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Arginine methylation and ubiquitylation crosstalk controls DNA end-resection and homologous recombination repair
Research output: Contribution to journal › Article › peer-review
19 Downloads (Pure)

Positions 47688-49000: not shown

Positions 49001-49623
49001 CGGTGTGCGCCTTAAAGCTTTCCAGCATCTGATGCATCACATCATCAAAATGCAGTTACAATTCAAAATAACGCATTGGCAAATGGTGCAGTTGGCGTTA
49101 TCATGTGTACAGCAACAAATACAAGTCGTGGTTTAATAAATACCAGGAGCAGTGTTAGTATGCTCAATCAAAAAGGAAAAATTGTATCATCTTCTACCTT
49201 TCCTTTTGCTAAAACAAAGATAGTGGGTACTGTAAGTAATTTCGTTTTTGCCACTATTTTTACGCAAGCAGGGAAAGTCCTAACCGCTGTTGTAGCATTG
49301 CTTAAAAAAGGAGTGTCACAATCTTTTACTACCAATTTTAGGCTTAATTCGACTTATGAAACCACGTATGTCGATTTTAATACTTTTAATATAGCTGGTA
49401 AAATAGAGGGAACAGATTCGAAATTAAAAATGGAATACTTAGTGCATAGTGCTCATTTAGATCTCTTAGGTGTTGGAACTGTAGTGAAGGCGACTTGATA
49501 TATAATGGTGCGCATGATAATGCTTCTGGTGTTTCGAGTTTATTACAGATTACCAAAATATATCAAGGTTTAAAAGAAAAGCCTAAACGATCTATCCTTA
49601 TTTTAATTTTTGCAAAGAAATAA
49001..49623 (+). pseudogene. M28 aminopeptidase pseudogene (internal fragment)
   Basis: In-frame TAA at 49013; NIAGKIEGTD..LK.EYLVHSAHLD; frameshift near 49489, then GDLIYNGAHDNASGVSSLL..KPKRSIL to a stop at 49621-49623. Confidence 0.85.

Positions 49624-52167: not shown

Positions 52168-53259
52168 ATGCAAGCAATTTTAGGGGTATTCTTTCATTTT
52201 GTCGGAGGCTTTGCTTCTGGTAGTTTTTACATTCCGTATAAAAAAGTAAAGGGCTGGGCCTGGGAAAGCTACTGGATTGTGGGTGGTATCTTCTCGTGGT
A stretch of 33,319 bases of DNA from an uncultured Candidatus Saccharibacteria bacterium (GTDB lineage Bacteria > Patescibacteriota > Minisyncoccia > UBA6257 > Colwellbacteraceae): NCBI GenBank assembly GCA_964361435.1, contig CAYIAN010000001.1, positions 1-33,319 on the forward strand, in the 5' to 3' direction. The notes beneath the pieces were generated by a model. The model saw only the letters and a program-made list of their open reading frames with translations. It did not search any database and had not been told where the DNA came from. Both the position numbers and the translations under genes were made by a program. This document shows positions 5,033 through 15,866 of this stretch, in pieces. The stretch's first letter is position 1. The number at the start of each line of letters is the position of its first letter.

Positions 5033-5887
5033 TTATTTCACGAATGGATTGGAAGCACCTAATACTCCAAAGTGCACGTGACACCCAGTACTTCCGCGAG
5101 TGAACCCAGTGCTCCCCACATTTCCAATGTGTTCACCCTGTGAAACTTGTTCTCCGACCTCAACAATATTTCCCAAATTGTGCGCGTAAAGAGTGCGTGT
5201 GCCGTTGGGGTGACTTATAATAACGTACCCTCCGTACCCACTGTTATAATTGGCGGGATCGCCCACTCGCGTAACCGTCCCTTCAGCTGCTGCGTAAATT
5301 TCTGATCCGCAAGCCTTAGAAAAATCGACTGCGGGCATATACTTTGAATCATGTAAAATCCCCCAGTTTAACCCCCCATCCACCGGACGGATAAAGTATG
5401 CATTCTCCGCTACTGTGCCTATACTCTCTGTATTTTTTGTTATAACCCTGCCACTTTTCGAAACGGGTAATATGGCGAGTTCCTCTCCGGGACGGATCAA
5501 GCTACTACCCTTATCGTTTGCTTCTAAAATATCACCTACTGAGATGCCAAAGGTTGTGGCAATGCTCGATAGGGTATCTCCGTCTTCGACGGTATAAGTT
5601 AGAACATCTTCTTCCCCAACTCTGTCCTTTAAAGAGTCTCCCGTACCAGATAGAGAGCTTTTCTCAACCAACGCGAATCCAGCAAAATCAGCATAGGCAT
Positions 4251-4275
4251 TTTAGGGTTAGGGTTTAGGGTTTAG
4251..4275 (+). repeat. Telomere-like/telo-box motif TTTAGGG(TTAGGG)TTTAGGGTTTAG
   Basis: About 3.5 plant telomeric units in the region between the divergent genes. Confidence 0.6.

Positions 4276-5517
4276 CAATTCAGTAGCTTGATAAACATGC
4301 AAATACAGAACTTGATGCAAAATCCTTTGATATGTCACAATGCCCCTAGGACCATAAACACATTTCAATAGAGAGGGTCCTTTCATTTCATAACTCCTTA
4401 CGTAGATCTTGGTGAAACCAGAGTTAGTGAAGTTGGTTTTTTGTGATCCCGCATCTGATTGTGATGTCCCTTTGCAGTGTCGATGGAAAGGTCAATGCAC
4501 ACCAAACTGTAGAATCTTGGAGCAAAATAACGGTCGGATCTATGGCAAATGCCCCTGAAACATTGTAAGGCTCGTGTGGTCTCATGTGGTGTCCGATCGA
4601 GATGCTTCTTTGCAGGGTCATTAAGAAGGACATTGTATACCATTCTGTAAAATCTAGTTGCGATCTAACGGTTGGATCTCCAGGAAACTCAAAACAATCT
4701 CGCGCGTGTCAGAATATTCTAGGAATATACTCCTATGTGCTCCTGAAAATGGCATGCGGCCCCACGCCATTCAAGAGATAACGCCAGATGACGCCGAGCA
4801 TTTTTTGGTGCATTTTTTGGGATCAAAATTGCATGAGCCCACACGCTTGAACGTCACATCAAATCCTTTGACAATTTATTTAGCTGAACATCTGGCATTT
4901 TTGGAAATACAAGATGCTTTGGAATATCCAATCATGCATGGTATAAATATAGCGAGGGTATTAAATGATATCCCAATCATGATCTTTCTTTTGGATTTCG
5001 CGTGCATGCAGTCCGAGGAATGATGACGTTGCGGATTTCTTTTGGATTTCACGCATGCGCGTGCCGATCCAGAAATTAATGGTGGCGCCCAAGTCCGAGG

Cross-talk between distinct protein post-translational modifications is critical for an effective DNA damage response. Arginine methylation plays an important role in maintaining genome stability, however how this modification integrates with other enzymatic activities is largely unknown. Here, we identify the deubiquitylating enzyme USP11 as a previously uncharacterised PRMT1 substrate, and demonstrate that the methylation of USP11 promotes DNA end-resection and the repair of DNA double strand breaks by homologous recombination (HR), an event that is independent from another USP11-HR activity, the deubiquitylation of PALB2. Interestingly, we also show that PRMT1 is a ubiquitylated protein that it is targeted for deubiquitylation by USP11, which regulates the ability of PRMT1 to bind to and methylate MRE11. Taken together, our findings reveal a specific role for USP11 during the early stages of DSB repair, which is mediated through its ability to regulate the activity of the PRMT1-MRE11 pathway.